‘Enhancing Urban Safety and Crime Prevention through Multi-Stakeholder Partnerships’, Buenos Aires, February 2020

‘Enhancing Urban Safety and Crime Prevention through Multi-Stakeholder Partnerships’ was the focus of a major international workshop funded by the British Council that took place from the 17-19th February 2020 in Buenos Aires, Argentina. Organised by Professor Adam Crawford (Director of LSSI) and Dr Emilio Ayos of the University of Buenos Aires, the conference represented a significant milestone in the development of bilateral strategic research relations between the Leeds Social Sciences Institute (LSSI) at the University of Leeds and the Gino Germani Institute (IIGG) at the University of Buenos Aires.

The three day workshop was hosted by the Gino Germani Institute (IIGG) at the University of Buenos Aires and was opened by Professors Carolina Mera (Dean of the Faculty of Social Sciences) and Martin Unzue (Director of the Gino Germani Institute), as well as Lauren Friszzon from the British Council. Conference deliberations benefited significantly from keynote contributions by international experts Juma Assiago, Director of the UN Habitat Safer Cities Programme and Karen Bozicovich of the Organisation of American States. Both outlined and highlighted the importance of multi-stakeholder partnerships in addressing urban violence and fostering crime prevention.

The workshop featured significant contributions from researchers at Leeds. Professor Adam Crawford provided an overview of lessons from urban safety partnerships across Europe over the past 30 years. Dr Conor O’Reilly presented the findings of his Newton Fund project into kidnapping in Mexico and the peer-to-peer crime prevention tools developed through the research. Dr Anna Barker explored the governance of urban public space through the lens of ‘mediated conviviality’, drawing on her research findings from the cities of Bradford and Leeds, while Philip Stenning (Visiting Professor with the Centre for Criminal Justice Studies) considered the challenges of plural policing provision in indigenous and other minority urban communities. Dr Barker commented:

I thoroughly enjoyed the rich discussions we had about the regulation of public spaces, and the opportunity to deepen my thinking on the challenges and issues facing public spaces in different contexts and urban security therein. The workshop stimulated many ideas and a plan for future research collaborations between colleagues in Buenos Aires and Leeds.

The workshop explored the contribution of differing state and non-state actors in the provision of urban safety and how these might best be harnessed in the public interests. With presentations from Argentinian scholars, local civil society actors and PhD researchers, the workshop developed a critical comparative understanding of the complex relations between actors, processes and networks that constitute urban safety, with particular regard to specific neighbourhoods in Buenos Aires and elsewhere around the globe. Ensuing debates explored the interactions between the various actors and the manner in which they might better be harnessed to the prevention of crime and reduction of victimisation.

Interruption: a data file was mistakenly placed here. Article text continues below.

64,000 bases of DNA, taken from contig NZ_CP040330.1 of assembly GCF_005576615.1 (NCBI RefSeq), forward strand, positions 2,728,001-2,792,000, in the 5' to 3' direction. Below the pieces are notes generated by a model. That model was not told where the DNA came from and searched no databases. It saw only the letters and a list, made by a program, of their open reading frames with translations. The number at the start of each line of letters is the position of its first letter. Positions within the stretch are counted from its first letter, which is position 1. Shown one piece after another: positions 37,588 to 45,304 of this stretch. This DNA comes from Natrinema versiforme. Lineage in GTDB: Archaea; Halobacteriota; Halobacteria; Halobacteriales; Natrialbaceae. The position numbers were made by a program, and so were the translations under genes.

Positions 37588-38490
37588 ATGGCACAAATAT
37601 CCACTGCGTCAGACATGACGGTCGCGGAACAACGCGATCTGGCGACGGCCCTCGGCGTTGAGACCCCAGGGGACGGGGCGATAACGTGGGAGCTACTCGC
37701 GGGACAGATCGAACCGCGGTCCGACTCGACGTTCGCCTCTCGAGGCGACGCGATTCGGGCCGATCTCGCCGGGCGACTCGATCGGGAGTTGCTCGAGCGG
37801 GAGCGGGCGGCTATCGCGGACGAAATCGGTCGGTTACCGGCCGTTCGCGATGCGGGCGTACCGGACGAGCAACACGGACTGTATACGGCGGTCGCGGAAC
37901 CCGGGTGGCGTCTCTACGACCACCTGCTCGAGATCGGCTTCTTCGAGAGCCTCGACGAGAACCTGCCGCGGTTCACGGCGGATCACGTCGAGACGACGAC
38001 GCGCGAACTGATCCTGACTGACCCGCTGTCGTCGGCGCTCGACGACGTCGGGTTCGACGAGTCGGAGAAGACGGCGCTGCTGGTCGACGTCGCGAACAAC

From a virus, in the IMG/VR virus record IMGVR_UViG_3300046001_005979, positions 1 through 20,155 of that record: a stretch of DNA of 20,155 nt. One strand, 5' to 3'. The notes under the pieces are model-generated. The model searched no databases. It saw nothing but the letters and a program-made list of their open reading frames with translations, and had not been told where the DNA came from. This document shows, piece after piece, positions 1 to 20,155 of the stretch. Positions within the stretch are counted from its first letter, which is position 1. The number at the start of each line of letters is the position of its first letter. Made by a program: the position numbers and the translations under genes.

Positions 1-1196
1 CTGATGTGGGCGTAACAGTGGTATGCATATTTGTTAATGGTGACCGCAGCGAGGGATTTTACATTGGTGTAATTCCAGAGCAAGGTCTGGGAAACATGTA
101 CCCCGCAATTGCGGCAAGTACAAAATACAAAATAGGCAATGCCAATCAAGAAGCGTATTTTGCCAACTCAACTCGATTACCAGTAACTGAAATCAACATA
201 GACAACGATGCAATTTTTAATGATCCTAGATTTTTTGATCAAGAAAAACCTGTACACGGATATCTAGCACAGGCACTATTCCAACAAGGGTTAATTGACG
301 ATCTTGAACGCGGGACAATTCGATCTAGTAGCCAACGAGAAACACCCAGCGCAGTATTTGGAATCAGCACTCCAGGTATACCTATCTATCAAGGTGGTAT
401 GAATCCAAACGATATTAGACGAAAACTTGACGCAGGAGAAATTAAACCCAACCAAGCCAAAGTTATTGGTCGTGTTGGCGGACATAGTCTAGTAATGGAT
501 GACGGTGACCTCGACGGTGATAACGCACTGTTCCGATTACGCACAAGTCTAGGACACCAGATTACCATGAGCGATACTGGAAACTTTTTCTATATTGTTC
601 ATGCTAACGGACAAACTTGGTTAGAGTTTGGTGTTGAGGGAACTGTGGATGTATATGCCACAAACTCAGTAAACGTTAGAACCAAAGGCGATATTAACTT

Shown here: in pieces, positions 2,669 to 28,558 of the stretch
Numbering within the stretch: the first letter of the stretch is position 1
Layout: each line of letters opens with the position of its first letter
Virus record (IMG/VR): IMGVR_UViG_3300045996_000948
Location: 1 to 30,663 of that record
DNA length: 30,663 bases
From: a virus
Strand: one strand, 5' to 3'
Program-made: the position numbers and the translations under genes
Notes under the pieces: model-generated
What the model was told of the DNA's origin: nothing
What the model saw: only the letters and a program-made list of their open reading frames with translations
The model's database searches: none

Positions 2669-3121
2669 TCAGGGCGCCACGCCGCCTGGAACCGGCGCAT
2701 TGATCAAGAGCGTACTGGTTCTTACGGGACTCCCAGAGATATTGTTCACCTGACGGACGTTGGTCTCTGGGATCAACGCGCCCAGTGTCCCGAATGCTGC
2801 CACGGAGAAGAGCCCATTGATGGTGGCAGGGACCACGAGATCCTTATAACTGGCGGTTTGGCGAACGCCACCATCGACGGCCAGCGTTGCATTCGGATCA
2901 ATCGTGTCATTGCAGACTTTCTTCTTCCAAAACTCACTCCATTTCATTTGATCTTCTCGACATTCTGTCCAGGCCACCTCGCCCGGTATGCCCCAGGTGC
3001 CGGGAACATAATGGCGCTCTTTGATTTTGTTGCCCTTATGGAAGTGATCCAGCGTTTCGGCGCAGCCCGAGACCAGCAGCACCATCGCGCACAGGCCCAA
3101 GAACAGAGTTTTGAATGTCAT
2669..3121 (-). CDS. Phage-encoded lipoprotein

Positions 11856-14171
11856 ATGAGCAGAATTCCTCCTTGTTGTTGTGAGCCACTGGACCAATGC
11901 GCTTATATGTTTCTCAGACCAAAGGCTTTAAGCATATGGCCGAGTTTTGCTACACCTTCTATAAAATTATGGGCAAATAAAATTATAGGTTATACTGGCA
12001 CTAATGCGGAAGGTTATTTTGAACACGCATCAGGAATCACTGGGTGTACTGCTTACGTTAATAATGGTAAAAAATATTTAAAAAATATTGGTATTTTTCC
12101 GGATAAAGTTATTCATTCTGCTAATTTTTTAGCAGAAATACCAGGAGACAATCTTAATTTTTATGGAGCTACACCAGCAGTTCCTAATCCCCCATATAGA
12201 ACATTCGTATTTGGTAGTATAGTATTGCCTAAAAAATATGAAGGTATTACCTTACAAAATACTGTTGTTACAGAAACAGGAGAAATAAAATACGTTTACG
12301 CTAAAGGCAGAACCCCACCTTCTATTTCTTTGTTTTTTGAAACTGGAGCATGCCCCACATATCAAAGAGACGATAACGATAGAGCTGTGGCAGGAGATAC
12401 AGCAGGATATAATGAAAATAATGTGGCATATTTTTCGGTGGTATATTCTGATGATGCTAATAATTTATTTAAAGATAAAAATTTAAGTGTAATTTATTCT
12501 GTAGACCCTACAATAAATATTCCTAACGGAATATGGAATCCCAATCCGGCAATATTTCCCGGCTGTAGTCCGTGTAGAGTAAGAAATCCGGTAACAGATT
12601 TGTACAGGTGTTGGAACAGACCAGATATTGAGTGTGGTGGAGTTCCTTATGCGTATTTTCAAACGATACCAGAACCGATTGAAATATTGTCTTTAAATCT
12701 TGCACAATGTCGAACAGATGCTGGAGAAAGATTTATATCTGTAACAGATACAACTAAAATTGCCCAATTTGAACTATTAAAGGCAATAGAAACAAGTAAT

Reflecting on the value of the workshop, Professor Crawford stated:

This has been a really productive three days’ work in which we have begun to co-produce collaborative research agendas with our Argentinian academic colleagues that address some of the most pressing social issues relating to urban security. It has been really valuable having input from international practitioners from UN Habitat and the Organisation of American States as well as civil society organisation working at the frontline here in South America. While our political, social and cultural contexts are different, many of the problems of everyday security and crime prevention through multi-sectoral partnerships face similar challenges. We have much to learn from and share with each other.

Most of the third day was focused on identifying common research themes and developing a programme of future collaborative research between Leeds and Buenos Aires, as well as exploring possible funding opportunities to underpin this. An action plan to take forwards the shared learning and identified research agenda was agreed and the basis for further collaboration set to develop the emergent ideas into actionable projects. The programme of research will focus on the roles, responsibilities and relations between multiple stakeholders in delivering crime prevention and urban safety with particular regard to public spaces, urban violence and the policing of marginalised communities.

The conference concluded with a well-attended public discussion panel chaired by Dr Emilio Ayos. It included Josefina Kelly, the Secretary of Policies Against Violence for Gender Reasons at the Ministry of Women, Gender and Diversity, Emeritus Professor Juan Pegoraro, Raúl Eugenio Zaffaroni, Judge at the InterAmerican Court of Human Rights (and ex Supreme Court of Argentina) and Professor Adam Crawford. The discussion highlighted a central paradox that contemporary urban security policies, on the one hand, constitute opportunities to reduce harm and enhance public safety yet, on the other hand, present dangers that too much security can stifle democratic institutions, undermine human rights and restrict personal freedoms and civil liberties. In a democracy, the balance between security and other public goods is a fundamentally important but precarious one.

In addition to the theme of urban safety, other areas of possible research collaboration between the LSSI in Leeds and IIGG in Buenos Aires are being explored. Anyone interested in further information about this and other strategic international research partnerships that the Leeds Social Science Institute is developing should contact LSSI@leeds.ac.uk.